Cannabis Legalization in Key States: Connecticut Becomes Fifth State in 2021 to Legalize Recreational Marijuana

Following its neighboring states, Connecticut legalized recreational cannabis after Governor Ned Lamont signed the Responsible and Equitable Regulation of Adult-Use Cannabis Act (RERACA) on June 22. The new law legalizes cannabis use, possession, manufacture, production, and sale. As with New York’s Marijuana Regulation and Taxation Act, the Connecticut law limits the number of available cannabis business licenses and prioritizes awarding licenses to individuals who historically have been disproportionately impacted by marijuana prohibition.

RERACA allows adults 21 years and older to possess up to one and a half ounces of cannabis on their person, and an additional five ounces locked in a container at home or in a car, beginning July 1, 2021. Starting October 1, 2021, medical marijuana patients may cultivate up to three mature and three immature plants in their home (households with multiple patients may cultivate a maximum of twelve plants). Adults 21 years and older who are not medical marijuana patients may cultivate the same number of plants in their home starting July 1, 2023. Retail sales may begin as early as July 2022.

Connecticut has delegated responsibility for its cannabis business regulations and licensing framework to the existing Department of Consumer Protection (DCP). To help the DCP promote diversity in the cannabis industry, RERACA also creates the Social Equity Council (the Council) in the Department of Economic and Community Development. The Council will develop criteria for the DCP to award licenses to social equity applicants. Below, we discuss some of the key provisions that affect cannabis businesses in Connecticut.

Licensing Rules and Fees

RERACA directs the DCP to create a licensing framework and sets out nine categories of cannabis business licenses:

  1. Retailers
  2. Hybrid retailers (which may sell both recreational cannabis and medical marijuana)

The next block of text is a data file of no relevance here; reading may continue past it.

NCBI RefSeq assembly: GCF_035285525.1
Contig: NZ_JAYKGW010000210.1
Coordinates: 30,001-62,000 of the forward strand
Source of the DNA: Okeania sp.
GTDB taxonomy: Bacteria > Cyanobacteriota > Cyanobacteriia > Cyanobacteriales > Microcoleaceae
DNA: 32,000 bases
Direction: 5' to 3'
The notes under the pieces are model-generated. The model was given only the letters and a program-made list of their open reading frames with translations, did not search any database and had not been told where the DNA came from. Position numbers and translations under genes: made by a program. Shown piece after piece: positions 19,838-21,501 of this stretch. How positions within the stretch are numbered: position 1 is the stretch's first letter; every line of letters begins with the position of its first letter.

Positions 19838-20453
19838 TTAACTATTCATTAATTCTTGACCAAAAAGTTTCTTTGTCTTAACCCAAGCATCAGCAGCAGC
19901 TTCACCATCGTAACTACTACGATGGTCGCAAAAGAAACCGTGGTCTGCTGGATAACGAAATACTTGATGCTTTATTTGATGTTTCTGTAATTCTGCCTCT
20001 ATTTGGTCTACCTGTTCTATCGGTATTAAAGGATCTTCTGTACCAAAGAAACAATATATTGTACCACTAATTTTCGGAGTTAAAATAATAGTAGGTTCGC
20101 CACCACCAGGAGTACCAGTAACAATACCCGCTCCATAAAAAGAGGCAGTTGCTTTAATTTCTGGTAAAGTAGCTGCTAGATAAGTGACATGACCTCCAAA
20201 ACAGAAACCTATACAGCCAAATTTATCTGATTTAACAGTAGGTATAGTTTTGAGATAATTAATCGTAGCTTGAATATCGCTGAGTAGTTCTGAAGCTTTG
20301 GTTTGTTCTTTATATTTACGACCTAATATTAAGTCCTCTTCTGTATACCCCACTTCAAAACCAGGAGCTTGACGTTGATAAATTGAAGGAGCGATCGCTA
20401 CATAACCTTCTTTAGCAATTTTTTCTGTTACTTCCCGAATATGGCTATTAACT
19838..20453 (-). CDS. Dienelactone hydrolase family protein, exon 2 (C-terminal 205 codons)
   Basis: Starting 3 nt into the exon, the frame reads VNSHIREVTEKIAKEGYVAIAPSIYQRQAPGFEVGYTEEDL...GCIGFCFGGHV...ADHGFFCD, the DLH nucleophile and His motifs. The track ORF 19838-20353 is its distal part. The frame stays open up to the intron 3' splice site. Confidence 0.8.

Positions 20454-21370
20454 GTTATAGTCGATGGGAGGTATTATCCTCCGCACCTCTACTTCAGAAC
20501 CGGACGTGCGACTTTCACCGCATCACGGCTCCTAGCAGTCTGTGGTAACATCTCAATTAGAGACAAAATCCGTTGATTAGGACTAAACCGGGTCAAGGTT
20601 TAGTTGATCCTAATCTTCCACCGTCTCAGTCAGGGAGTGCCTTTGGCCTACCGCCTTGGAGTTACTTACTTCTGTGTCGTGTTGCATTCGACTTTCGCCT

3. Cultivators (operating not less than 15,000 square feet of grow space)
  4. Micro-cultivators (cultivators that operate in between 2,000 and 10,000 square feet of grow space)
  5. Product manufacturers
  6. Food and beverage manufacturers
  7. Product packagers
  8. Delivery services (which may deliver recreational cannabis to consumers and medical marijuana to patients)
  9. Transporters (which may transport cannabis between cannabis establishments)

Financial backers and “key employees” of cannabis businesses – the president, financial manager, and compliance manager – also must acquire separate state licenses (beyond the business license). Board members and other employees of cannabis businesses must register with the state, but do not need a license.

If you are interested in a license, be aware that there will be a cap on the number of licenses available in each category. Additionally, the law reserves half of the available licenses in each category for social equity applicants – entities primarily owned and controlled by residents of communities with high unemployment rates and historically high conviction rates for drug-related offenses. The Council will identify additional criteria for social equity applicants, and the DCP will begin accepting applications within 30 days after the Council issues its criteria.

There are three steps to apply for licenses. First, if the number of applications for any license category exceeds the DCP’s limit, the DCP will use a lottery to select applications. Next, applicants that the DCP accepts through the lottery may apply for a provisional license. Applicants have 60 days to complete the provisional license application, and the provisional license expires after 14 months. Finally, a provisional licensee may apply for a final license before the provisional license expires. A business may begin its cannabis operations at any time after receiving a final license.